Games Can Fuel Social Change

January 12, 2010 -

Videogames can provide new and effective ways to raise awareness and engage users, prompting an article that asks whether they might be the future of social change.

A piece on Change.org builds its case around a successful promotion put on by Zynga’s social game FarmVille, which allowed the game’s players to buy special seeds to benefit Haitian charities. The Sweet Seeds for Haiti drive ended up raising over $1.0 million dollars.

The article compares Zynga’s successful implementation to one that is more old-school:

…a consortium of foundations and online giving platforms were sponsoring America's Giving Challenge, which put up almost $250,000 in bounty for nonprofits to engage their supporters. In a month, almost 8,000 competing nonprofits raised a total of just over $2 million. One of the biggest pushes in our field basically had the same level of return as releasing a virtual freaking seed.

If that doesn't raise some eyebrows, it should.

While contributing to social change is good and all, the author worries a bit about “videogame-embedded philanthropy” taking the place of real-world positive actions, though he views it as an opportunity for non-profits:

I worry a bit that for those whose first taste of good is this sort of video game embedded philanthropy, they will feel like their experience of having contributed is good enough. That the input of buying a charitable good equals an output of feeling and having done good, and that is that. Of course where the real opportunity lies is in the conversion of those passive supporters to active users. That may be a great place for creative nonprofits to focus next.

Zynga’s Mark Pincus thinks that the future charitable virtual goods market could be worth a billion dollars.


Comments

Re: Games Can Fuel Social Change

Gaming is simply another form of expression, therefore it can give a social expresssion.

"The difference between genius and stupidity is that genius has its limits." -Albert Einstein

Re: Games Can Fuel Social Change

heh, no wonder the older generations are so scared of gaming.

Re: Games Can Fuel Social Change

I would think that PennyArcade's Child's Play charity drives are a better example of enacting social change than anything Zynga could pull off.  Granted, it's a bit more abstract as a social change mechanism, as people would have to realize that hospitals, with ever-decreasing budgets, are being forced to cut things to make a patient's hospital stay more bearable, but PA isn't being sued, either.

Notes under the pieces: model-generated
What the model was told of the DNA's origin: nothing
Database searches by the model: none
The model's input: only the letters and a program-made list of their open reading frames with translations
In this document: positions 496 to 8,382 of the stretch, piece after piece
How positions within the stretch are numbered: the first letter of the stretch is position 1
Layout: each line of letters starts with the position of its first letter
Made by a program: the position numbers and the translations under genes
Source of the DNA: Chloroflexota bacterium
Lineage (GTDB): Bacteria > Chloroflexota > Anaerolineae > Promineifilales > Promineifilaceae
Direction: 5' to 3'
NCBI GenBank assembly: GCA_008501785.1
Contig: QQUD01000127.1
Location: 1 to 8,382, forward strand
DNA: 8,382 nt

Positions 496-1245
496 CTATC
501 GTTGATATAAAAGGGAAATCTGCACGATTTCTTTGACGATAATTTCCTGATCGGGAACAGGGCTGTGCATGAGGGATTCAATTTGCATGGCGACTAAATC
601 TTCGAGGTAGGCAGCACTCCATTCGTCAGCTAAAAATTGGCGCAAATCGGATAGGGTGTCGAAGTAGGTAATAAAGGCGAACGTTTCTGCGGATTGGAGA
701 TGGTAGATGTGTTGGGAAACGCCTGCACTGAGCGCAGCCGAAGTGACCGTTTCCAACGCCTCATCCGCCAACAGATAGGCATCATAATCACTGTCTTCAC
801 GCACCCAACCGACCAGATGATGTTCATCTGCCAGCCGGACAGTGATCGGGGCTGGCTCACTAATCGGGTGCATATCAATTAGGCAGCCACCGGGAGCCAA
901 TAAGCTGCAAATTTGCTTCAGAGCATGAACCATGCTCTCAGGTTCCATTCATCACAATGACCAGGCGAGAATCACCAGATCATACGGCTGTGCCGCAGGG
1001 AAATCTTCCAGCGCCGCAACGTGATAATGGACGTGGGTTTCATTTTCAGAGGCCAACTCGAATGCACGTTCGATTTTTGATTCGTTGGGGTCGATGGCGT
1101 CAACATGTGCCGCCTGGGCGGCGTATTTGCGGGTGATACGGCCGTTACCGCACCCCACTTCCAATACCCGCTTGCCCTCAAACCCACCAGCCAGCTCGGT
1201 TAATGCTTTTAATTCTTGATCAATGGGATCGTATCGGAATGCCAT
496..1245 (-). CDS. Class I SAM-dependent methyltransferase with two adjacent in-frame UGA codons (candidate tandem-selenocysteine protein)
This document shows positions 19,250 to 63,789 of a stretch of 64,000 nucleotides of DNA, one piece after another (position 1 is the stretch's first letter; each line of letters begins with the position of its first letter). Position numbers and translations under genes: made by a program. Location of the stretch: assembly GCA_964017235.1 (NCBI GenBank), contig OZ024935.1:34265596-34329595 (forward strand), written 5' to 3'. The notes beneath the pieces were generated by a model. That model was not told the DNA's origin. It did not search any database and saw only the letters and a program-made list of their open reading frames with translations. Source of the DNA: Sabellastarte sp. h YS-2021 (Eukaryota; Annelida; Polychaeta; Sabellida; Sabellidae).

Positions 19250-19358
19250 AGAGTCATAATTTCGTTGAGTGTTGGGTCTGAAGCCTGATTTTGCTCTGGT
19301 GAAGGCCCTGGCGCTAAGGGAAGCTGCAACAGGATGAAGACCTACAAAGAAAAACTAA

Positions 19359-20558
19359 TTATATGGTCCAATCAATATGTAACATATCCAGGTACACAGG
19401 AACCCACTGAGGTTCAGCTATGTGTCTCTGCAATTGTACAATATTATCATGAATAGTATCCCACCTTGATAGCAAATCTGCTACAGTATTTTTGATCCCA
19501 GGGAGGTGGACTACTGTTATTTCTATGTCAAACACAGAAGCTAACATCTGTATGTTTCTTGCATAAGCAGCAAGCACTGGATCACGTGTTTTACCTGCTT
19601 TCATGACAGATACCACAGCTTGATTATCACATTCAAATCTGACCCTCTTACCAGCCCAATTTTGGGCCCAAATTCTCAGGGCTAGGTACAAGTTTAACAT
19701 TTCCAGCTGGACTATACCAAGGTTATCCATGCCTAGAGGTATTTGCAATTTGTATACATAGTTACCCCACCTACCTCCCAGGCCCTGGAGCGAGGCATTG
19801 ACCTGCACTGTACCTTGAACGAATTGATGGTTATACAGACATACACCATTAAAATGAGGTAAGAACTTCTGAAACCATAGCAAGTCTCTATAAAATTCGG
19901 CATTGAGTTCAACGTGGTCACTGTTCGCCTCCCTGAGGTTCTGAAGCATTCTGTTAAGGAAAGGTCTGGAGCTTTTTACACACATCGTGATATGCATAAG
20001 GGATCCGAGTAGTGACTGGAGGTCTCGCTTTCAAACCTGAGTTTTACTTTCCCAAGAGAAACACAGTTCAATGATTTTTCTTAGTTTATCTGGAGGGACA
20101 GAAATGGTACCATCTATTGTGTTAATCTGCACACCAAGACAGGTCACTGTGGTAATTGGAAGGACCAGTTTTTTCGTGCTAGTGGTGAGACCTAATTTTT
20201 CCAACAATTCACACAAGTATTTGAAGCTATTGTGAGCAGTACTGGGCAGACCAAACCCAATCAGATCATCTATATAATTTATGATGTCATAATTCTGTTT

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Re: Games Can Fuel Social Change

…but PA isn't being sued, either.

at least not successfully. ZING!

岩「…Where do masochists go when they die?」

岩「…I can see why Hasselbeck's worried about fake guns killing fake people. afterall, she's a fake journalist on a fake news channel」

Re: Games Can Fuel Social Change

Isn't Zynga the target of a class action lawsuit for unethical business practices? Hardly the kind of company we want to push the whole "Games can benifit Humanity" angle, if you ask me.

Re: Games Can Fuel Social Change

Not to mention its chairman is on record proudly boasting at how he takes money to push scams, malware, scare-ware and other shit onto his players through those "special offers" the games provide to earn more gamepoints.

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Re: Games Can Fuel Social Change

Like any other medium I guess it can change society.... but really...... society in whole or part uses it to change....or brow beat other parts into the light......


Until lobbying is a hanging offense I choose anarchy! CP/IP laws should not effect the daily life of common people! http://zippydsmlee.wordpress.com/


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Re: Games Can Fuel Social Change

"Zynga’s Mark Pincus thinks that the future charitable virtual goods market could be worth a billion dollars."

And I bet he loves the idea of skimming a percentage of it for his company to cover "expenses".

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I LIKE the fence. I get 2 groups to laugh at then.

-------------------------------------------------- I LIKE the fence. I get 2 groups to laugh at then.

Re: Games Can Fuel Social Change

That is his cut.

E. Zachary Knight
Oklahoma City Chapter of the ECA